Higher education needs push from inside, not outside

Recently the Union minister of state for higher education Shashi Tharoor stated that Indian universities were performing poorly and were falling well short of the benchmarks set for them. He made these comments at an international conference on higher education organised by the Federation of Indian Chambers of Commerce and Industry (FICCI), where he released a book on the noted American educationist Philip G Altbach.

Tharoor made a few pertinent points. He mentioned that though there are many universities coming up in India, none of them have figured in the top 100 universities of the world. He also mentioned that the quality of the graduates being produced in the Indian system barely meets the requirement of Indian companies.

He was candid enough to admit that the national education policy has been abysmally out of touch with the current requirements. He touched upon the prospect of foreign universities entering India, making it sound like a panacea to all the problems that we are befuddled with. This certainly cannot be a long term solution. It would amount to a mere abdication of seminal responsibilities. We need to ruminate on what can be done to improve our educational institutions, so that they would someday compete with the best in the world.

While the minister has been frank on these issues in a guileless manner, the moot question is what can be done about this shoddy state of affairs? Do we even know the extent of the canker that plagues our education system? One of the serious problems in India is the lack of actionable data on higher education. There are millions of students and numerous educational institutions and it is very difficult to gauge what is going on in these institutions.

Six-and-a-half decades after India gained independence, its higher education system has evolved from its early colonial moorings that was rooted in elitism to a much more inclusive and egalitarian setup. The requirements of an ebullient democracy were enormous. This entailed a massification process which has seen an 85 fold increase in the number of students.

 At the dawn of independence India had only 18 universities and 591 colleges with a total student enrollment of 200,000 students. By 2012, India now has 634 universities and 45,000 colleges with over 25 million students. While these numbers look majestic, one must strike a contrarian note. The Gross Enrollment Ratio (GER) is a statistical measure used by the UN to give us a ratio of the number of students who are actually enrolled to the number of students who ought to be enrolled. India’s GER is only 17 per cent, which is a very low figure considering the minimum requirements for sustainable national development.

Measure of progress

The key objectives in the national agenda since independence were – equity, access and relevance. While there has been a measure of progress in areas of equity and access, the issue of relevance continues to haunt us. The Radhakrishnan Commission (1950) had noted in its report that there was a mis-match between what is taught in our higher education institutions and the requirements of industry and society-at-large.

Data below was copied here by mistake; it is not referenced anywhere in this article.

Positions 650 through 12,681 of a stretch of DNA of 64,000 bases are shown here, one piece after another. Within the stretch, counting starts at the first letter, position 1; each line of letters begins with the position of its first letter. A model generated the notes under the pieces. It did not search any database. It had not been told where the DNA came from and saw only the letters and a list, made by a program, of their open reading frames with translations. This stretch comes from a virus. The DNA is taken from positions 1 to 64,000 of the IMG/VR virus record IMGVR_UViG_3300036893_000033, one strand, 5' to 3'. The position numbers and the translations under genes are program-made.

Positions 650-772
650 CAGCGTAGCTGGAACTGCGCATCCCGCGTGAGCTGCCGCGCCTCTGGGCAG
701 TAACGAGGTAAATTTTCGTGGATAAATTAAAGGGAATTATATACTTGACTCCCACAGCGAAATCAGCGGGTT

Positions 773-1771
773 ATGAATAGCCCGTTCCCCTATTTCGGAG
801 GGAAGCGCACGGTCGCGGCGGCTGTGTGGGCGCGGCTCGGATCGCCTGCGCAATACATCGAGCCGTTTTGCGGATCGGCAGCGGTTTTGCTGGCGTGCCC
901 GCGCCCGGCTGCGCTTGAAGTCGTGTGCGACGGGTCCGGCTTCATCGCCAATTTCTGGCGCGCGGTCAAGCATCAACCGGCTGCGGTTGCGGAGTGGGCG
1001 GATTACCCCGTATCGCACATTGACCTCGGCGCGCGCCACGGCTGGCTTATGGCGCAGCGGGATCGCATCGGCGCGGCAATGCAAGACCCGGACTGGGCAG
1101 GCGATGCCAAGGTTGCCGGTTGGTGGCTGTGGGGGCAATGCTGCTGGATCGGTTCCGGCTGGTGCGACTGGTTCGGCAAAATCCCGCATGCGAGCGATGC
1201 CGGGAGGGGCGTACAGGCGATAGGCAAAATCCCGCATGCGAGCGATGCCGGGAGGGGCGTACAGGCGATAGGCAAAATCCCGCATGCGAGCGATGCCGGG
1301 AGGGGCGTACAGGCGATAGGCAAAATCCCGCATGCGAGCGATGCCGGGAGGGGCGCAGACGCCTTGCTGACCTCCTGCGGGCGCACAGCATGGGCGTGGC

If one goes by the latest survey reports only about 15 per cent of liberal education graduates and 25 per cent of professional graduates are suitable for employment. There is a huge disconnect between courses being offered and the job market. Non-relevance and low quality of education contribute to the high rate of unemployment and under-employment. A 2012 study by ‘Universitas  21’ of the top countries for higher education ranked India last amongst 48 nations surveyed.

We Indians pride ourselves on our huge pool of human resources. To an extent it is an advantage. However this ‘demographic dividend’ can quickly become a social nightmare, if the situation is not immediately remedied. The lack of funds is a major concern.

As early as 1966 the Kothari Commission suggested that 6 per cent of the GDP be allotted to education. It languishes at a mere 3.7 per cent today, while the highest figure ever achieved was 4.2 per cent in 2000-01. Public funding alone will not solve the problem. Private sector involvement is also needed. This can be achieved through increased Public-Private Partnership (PPP).

The 12th Plan (2012-17) has proposed several initiatives around six focus areas namely --expansion, equity,excellence, governance, funding, and implementation and monitoring. It has planned expenditure of 1,107 billion rupees on higher education, which is 1.3 times higher than the 11th plan.

Funding alone cannot be a policy remedy, especially when it is bereft of actionable data which forms the basis for allocation of these funds. This lack of actionable data can be remedied if the government uses the Collection of Statistics Act (2008) wisely.

This legislation enables the government to collect data from private institutions and even industries. This act should be utilised to gather the required data from all the stakeholders of higher education in India.

This will give us a clear perception of the problems afflicting this area. GK Chesterton once said that ‘Education is simply the soul of a society as it passes from one generation to the next.’ The time for apportioning blame has long passed us. We cannot afford to flounder now, at least for the sake of posterity.

(The writer is a faculty member of the School of Law, Christ University)

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